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Joined: 14 Jan 2008
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PostPosted: Sat May 05, 2012 5:39 pm    Post subject: Reply with quote


Hidden: 
Removing the EL34 sockets


Pervious damage to the PCB due to overheating bad joint on heater supply


Cleaned up PCB


Drilling out pin 5 on EL34


Heater supply wired, 2x 500V caps in series = 1000V cap, 1 of 4 new grid stop resistors


Finished and ready to reinstall
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Mike
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PostPosted: Sat May 05, 2012 6:32 pm    Post subject: Reply with quote

Nice. Work
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Concretebadger
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PostPosted: Sun May 06, 2012 1:51 am    Post subject: Reply with quote

I had issues with overheating in my DSL 401 combo within a few months of buying it...the preamp valve heaters didn't work (I pinpointed the problem by physically looking at the valves in a darkened room and running my signal into the FX loop return socket instead of the amp's input). Fortunately it was still under warranty at the time so Marshall put it right (somehow) free of charge. It's allegedly a problem that plagued the early production run, and tweaks to the design mean that later units are okay. Something to do with adding heat sinks or something (too lazy to check google at this late hour of the night).

Circuitry-wise, the EL84-powered 201 and 401 are very different beasts from the 50 and 100 watt heads, so I'm not sure how much help that is to you. tl;dr version: they overheat and the quality of the soldering on the PCBs makes that otherwise minor quirk a potential catastrophe. Suffice to say, the whole saga put me off Marshalls and I never trusted them since. A shame really, since the 401 is a nice little amp when it works properly.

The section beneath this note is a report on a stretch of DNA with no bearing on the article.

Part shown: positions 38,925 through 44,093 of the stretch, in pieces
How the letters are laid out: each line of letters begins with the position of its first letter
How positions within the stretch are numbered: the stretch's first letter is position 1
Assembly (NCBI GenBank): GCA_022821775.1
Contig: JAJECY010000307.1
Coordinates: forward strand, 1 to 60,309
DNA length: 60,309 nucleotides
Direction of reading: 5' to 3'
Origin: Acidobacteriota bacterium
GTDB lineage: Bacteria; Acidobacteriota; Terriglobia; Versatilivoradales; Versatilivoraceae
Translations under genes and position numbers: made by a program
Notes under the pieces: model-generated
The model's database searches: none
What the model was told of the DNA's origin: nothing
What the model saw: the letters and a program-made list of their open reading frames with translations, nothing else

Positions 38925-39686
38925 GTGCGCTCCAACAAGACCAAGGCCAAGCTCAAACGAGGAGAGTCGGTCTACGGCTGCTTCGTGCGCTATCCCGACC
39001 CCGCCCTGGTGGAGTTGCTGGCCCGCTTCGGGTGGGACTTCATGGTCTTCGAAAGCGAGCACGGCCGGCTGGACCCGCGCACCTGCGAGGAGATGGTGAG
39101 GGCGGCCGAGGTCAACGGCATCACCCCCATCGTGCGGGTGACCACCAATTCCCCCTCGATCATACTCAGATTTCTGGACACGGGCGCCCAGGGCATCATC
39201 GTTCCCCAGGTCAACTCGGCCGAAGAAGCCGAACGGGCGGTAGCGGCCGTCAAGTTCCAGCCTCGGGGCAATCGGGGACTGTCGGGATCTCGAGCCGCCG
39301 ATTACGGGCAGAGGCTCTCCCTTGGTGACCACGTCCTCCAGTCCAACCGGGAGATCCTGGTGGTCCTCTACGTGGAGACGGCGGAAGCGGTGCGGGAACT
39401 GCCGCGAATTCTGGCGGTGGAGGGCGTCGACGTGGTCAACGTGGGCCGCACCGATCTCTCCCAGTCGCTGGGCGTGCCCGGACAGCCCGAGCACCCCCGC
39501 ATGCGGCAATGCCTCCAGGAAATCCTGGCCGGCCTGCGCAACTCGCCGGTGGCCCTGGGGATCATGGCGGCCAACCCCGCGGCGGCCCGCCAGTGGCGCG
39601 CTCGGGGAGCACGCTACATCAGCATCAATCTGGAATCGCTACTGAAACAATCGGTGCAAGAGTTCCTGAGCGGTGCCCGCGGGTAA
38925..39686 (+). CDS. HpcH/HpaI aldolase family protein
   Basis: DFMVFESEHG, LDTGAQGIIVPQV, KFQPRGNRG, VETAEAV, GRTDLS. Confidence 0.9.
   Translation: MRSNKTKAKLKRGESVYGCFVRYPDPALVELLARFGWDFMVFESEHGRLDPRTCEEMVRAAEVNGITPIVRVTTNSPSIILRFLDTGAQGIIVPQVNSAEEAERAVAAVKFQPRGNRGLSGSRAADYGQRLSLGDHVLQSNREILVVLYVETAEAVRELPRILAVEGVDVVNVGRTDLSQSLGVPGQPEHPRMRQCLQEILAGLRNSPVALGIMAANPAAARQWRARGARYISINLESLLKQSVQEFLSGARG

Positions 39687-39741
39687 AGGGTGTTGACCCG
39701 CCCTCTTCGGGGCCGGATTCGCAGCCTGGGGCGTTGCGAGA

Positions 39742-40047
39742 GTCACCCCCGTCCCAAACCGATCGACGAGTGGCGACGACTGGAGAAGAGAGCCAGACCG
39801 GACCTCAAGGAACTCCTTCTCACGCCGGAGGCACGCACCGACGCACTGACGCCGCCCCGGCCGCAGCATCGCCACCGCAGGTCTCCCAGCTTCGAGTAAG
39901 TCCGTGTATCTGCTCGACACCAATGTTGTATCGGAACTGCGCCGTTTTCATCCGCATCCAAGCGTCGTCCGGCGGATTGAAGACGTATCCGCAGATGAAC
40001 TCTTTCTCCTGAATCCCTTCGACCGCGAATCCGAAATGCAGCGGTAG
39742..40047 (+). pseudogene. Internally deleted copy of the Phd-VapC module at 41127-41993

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NickS
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PostPosted: Fri May 11, 2012 11:25 am    Post subject: Reply with quote

Right, it looks like I've been barking up the wrong tree, though the corrective work done so far is still probably A Gud Thing. It still ain't fixed.

When I put the valve base back on the PCB, I didn't put them back in the same order. So when after a few minutes I started getting a lot of noise and one tube started to glow, I turned off the HT quickly ("standby") and may have saved the valve. I realised it was probably in the valve base from the previously dodgy (end) position.

Back when this saga first started, when I first removed the valve bases from the PCB, there was some discoloration and missing trace around one of the heater pins, and the grid resistor was blown. I cleaned it up - there's no visible sign of tracking - but, nevertheless, that's what it must be. So, next step - replacement valve base.
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NickS
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PostPosted: Thu Feb 25, 2021 5:48 pm    Post subject: Reply with quote

Replaced the valve base way back when and it solved that problem. Matt continued to use it in 50W (two valves) mode with an 8 ohm cabinet plugged into the 16 ohm socket for a while until he got a Blackstar with artiste discount.

However.. last week when looking at marshallforum.com I found a reference to "the TSL earthing problem" as a reason for the little cap C46 blowing. It turns out if you use any speaker socket other than the 16 ohm socket you rely on an earth connection that is switched through the 16 ohm socket and the the solution is to simply wire across it to avoid the possibility of a dodgy earth on the output when you are using the 8 ohm/4 ohm sockets.

Forgot to take a picture after "soddering" the link.